27 27 in the practice of ritual sacrifice was to pass a total prohibition on ritual sacrifice. Then the Justices interrogate Mr. Garrett. They follow a wild line of reasoning that branches off in many directions --often hypothetical. However, eventually they extract information from Mr. Garrett implying the ordinances passed by the city of Hialeah were discriminatory and illegitimate. The proceedings end with a rebuttal by Mr. Laycock who concludes that, No human activity has never a mistake, and the city ordinances single out religion--requiring of it absolute perfection -and this makes them illegitimate. In order to develop a more nuanced understanding of the courts proceedings, and in order to answ er my research question, I find it necessary to explicate certain terms in relation to broad themes tying the terms together: the responsibility of the state, the language of religion, and constructing santeria. The Responsibility of the State One of the first problems pursued by the Justices was to what extent the suit brought against the city interacted with the policies of the state and exactly how responsible the state was for the actions of the city. Loosely, they discussed the states responsibility to protect religious freedom and minority religions To pull out the details of this theme it is important to keep in mind the separate spheres of power situationally involved. For this case, the spheres of power can be separated into state, city, church, and person. The Justices followed a deductive line of reasoning, first figuring out whether or not the suit brought by the church would challenge legislation made at the state level. To determine whether or not a state law was being challenged they request the verdict of the Attorney General. They
28 28 then reference the case Renee v. Geary (1991), particularly focusing on the term redressability The function of the term redressability is to determine whether the p etitioners have a legal standing to claim injury. In this particular case, the Justices were concerned that the ordinances being challenged were in line with the States statute. If this were the case, the State would also be held responsible for the injur ies done to religion if these injuries were proven. Mr. Laycock addresses this and makes clear that the focus of his clients is solely on the ordinances passed by the city. However, he shows that he is prepared to argue against the use of the State statute to prohibit his clients practice of ritual sacrifice. Thus, the term redressability was called upon to specify the sphere of power responsible for the claimed injuries. The city was singled out as solely responsible. Mr. Laycock complains that the ordina nces and the rulings of the lower courts deemed ritual sacrifice, and therefore the religion of his clients, unnecessary To make this point he situates ritual sacrifice as central to the religion of Santeria. Additionally, he presents examples of practi ces of killing animals which were not included in the prohibitions. To show that discounting a religious practice because it is unnecessary is discriminatory he relies a lot on previous decisions of the court, references the content and situation of the ci ty ordinances, and advocates an interpretation of Employment Division v. Smith favoring the protectionist elements of the decision for minority religions. Beyond Renee v. Geary (1991) and Employment Division v. Smith (1990), the previous decisions raised w ere: Washington v. Davis (1976) ; Personnel Administrator of Massachusetts v. Feeney (1979) ; and Reynolds v. United States (1878).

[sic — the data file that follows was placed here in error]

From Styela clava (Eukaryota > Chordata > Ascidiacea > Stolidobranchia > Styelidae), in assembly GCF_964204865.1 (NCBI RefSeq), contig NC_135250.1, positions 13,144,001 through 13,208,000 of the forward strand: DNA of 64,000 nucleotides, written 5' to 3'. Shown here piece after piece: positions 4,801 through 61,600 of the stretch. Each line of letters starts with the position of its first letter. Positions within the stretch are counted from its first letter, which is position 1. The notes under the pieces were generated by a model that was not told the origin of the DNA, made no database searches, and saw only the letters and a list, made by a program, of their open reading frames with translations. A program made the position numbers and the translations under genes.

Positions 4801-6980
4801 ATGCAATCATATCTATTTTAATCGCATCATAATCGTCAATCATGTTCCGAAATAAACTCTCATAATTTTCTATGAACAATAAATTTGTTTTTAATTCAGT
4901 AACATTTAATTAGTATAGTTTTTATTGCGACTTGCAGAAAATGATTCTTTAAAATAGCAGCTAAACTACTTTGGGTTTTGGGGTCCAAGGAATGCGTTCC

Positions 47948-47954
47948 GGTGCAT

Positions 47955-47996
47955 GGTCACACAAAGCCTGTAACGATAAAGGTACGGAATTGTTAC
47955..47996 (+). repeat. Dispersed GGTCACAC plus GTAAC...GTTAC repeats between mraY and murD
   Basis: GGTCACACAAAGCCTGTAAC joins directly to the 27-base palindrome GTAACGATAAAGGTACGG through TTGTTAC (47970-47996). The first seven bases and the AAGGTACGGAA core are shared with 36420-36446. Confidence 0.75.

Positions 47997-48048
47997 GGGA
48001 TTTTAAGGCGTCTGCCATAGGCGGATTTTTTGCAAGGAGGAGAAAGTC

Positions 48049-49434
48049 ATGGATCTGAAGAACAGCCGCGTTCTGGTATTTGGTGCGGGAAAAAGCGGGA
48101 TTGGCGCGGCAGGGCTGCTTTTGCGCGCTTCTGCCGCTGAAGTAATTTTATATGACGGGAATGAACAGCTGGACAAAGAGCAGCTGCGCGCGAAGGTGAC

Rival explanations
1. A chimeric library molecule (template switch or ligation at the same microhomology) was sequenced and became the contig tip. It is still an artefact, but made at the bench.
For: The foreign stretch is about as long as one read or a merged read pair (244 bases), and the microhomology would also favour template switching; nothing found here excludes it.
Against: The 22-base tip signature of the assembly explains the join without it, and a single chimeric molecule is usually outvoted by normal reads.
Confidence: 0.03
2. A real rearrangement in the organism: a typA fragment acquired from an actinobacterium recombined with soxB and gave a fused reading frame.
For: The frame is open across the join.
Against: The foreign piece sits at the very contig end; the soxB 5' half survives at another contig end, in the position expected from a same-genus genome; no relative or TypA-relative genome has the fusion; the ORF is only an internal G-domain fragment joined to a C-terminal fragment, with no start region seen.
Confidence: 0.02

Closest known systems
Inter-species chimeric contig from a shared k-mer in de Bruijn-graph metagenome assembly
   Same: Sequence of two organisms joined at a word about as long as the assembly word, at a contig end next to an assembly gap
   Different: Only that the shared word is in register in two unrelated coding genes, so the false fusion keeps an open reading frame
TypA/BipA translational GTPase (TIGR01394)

29 29 Mr. Laycock situates ritual sacrifice as central to Santeria when he claims that the ordinances were enacted for the express purpose of preventing the central rituals of this faith. He extends this and connects this prevention to a violation of First Amendment rights by saying When you suppress the central ritual, I think you suppress the religion. He adds weight to this accusation when he informs the Justices that his clients do not represent the totality of Santeria and that there are, in fact, a number of religions who practice ritual sacrifice in the area. To show that the religious element is the particular target of the citys ordinances he raises other practices which have the same ends --defined as the death of an animal -which are not targeted in the ordinances. He offers the examples of slaughterhouses, hunting, mercy killings, and killing an animal in self defence. He submits that, had the city placed a ban on the killing of all animals he would have a harder time defending his clients. Additionally, he submits that had the city legislated against a more specific practice and refrained from using religiously loaded lan guage (i. e. ritual sacrifice) he would have had a harder time defending his clients. Washington v. Davis was a decision regarding equal protection over accusations of racial discrimination. The standard interpretation of the decision is that a practice wh ich has a racialized effect without a racialized intention is not necessarily unconstitutional. Mr. Laycock uses this case to claim that, if the ordinances are found to be discriminatory in their intent, this is discrimination that the court has shown that it plans to avoid. Personnel Administrator of Massachusetts v. Feeney was also a decision about equal protection. This time the